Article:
When he became co-coach of the Canterbury team in 1975 he struggled to get Alex Wyllie to free the ball from the back of the scrum. This may have been the cause of his falling out with the Canterbury players, a number of whom he had played with. Arnold’s belief in freeing up ball for the backs was paramount and he preferred a wide ranging game. Wyllie had by 1975 certainly slowed and was not keen on going too far from the base of the scrum and the non-selection of the talented Alwyn Harvey hinted that there was no place for Arnold’s expansive style.

As a player Arnold was variously described as brilliant, eccentric, brilliant but wayward and sometimes just plain frustrating. Terry McLean pondered that with a little consistency he would be on the same plane as the legendary Bert Cooke. The 1964 Rugby Almanack, not a publication that took kindly to Christchurch All Blacks, named him as one of its players of the year and wrote, “We have no hesitation in naming the brilliant Canterbury centre, DA Arnold, quick thinking, enterprising, pacy with the ability to slice through a gap; he has the characteristics of the great AE Cooke.” His Christchurch team mates were universal in the view that on the field he could do anything - he kicked with both feet, place kicked round the corner before anyone in town and could drop kick from anywhere. They were equally unstinting in praise of his defence saying he was always ‘gutsy’ and had such speed and anticipation he could defuse opposition attacks well before they gathered momentum.

It was, however, his defence that appeared to irk Fred Allen. Like his great friend and eternal fellow prankster, Bruce Watt, he was to fall foul of Allan after the All Blacks UK tour. Despite having played four of the internationals at either 2nd five-eighths or centre, Arnold was jettisoned firstly for the relatively unknown John Collins from Poverty bay and then for Ray Morten and at centre by Ron Rangi. After a brilliant display against Auckland in the same season Arnold was called into the reserves for the final test against Australia but was not wanted again. Nevertheless he continued to play for Canterbury until 1970 and made a number of appearances for the South Island and in NZ trials.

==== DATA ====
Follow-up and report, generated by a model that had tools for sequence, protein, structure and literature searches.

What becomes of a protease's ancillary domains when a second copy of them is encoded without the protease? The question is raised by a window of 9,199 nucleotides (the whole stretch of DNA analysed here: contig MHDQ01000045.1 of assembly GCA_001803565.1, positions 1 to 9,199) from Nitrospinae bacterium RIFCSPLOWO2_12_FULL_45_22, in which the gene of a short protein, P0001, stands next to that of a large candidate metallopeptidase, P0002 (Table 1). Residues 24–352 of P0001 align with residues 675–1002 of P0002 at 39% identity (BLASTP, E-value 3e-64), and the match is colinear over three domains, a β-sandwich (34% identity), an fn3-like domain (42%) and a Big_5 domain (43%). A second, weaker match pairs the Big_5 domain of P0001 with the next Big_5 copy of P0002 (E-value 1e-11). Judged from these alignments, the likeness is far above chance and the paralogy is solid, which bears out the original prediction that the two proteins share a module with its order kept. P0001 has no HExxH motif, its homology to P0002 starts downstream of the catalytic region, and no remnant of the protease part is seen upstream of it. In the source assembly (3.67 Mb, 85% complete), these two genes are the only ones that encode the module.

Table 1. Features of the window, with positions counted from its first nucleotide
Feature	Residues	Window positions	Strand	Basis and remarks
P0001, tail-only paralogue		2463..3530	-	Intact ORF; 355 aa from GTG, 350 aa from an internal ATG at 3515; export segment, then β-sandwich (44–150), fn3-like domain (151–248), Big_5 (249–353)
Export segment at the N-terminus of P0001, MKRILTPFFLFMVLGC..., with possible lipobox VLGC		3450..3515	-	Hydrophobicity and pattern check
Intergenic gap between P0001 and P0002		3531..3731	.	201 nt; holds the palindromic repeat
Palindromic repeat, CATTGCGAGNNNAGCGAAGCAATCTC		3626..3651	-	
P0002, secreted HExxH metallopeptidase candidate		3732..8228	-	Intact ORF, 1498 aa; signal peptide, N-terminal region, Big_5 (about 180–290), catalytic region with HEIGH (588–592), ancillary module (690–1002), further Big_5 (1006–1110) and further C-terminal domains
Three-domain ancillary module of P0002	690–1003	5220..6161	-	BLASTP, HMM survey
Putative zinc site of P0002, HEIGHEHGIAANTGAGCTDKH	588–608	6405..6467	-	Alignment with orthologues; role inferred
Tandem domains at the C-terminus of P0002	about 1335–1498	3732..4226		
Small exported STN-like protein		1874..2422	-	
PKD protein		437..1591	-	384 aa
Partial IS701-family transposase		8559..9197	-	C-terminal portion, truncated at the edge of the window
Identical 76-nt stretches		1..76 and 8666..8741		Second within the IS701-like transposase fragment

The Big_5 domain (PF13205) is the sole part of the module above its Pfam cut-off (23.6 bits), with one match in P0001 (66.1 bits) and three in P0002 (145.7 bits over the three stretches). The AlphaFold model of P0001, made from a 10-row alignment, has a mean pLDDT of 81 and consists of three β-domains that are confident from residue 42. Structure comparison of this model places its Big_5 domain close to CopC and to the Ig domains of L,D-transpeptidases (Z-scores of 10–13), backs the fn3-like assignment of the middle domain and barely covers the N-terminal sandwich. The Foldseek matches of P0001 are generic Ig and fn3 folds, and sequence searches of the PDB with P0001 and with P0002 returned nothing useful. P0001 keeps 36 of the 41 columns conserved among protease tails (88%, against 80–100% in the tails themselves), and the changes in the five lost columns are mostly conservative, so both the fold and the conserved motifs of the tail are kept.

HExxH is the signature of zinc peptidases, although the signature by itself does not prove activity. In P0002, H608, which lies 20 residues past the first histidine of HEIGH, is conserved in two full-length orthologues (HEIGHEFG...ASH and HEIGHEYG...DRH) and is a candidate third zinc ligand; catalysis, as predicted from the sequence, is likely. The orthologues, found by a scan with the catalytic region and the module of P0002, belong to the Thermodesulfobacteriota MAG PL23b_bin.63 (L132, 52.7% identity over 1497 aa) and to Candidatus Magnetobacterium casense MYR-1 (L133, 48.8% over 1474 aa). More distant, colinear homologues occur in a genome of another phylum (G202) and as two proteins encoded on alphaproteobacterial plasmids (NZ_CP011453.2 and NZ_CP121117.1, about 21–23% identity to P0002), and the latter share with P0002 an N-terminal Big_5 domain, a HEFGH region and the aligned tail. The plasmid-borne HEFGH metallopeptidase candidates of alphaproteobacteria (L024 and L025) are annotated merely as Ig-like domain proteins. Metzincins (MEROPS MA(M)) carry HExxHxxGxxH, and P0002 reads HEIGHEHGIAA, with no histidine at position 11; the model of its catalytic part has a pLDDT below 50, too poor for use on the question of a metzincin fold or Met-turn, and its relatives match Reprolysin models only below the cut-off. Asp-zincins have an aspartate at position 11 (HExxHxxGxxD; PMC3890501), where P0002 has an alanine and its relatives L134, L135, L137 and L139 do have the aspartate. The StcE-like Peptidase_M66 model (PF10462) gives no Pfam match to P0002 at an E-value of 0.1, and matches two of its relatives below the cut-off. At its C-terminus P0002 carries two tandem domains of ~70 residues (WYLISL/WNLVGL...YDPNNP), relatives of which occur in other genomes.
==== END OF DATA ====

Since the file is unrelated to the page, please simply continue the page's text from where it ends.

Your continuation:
By his own admission Arnold says he was not too diplomatic with Allan and had several terse encounters. After the 1964 inter-island game he marked John Collins and harried him successfully. After the game Allen said to Arnold, “Ginger, you little bastard…you were off-side all day.” To which Arnold reportedly replied, “The only reason you are pissed off is that I killed your wonder boy.”

And as Bruce Watt said, “that really was about it for Blue.”

Conversation with Arnold is mixed with a number of great rugby stories. Some his best involved the so-called “Crying Towel” games with the Linwood Club. Invariably these have involved two of the leading protagonists, the legendary Fergie McCormick, and the equally legendary, but for different reasons, Roger Mahan. Arnold’s instructions to Mahan were simple, “annoy Ferg and he’ll spend all day chasing you, which suits us.” According to Arnold, Mahan took this seriously and in one match punched Ferg in the tunnel as they ran onto the field and in another grabbed hold of McCormick’s hand, again as they ran through the players tunnel. The reaction was of uncontrolled fury which Arnold, among others, kept fuelling throughout the match.

When he finished playing he coached the Christchurch Under 19s but was considered to be too close to the players to be given the seniors at the time. He had a season with Suburbs and after his spell with Canterbury ended he coached in England.

Seasons for CFC:                            1959 - 1971Matches For Canterbury:                               87Matches For South Island:                              4Other:                                                            10Matches For New Zealand:             15 (4 Tests)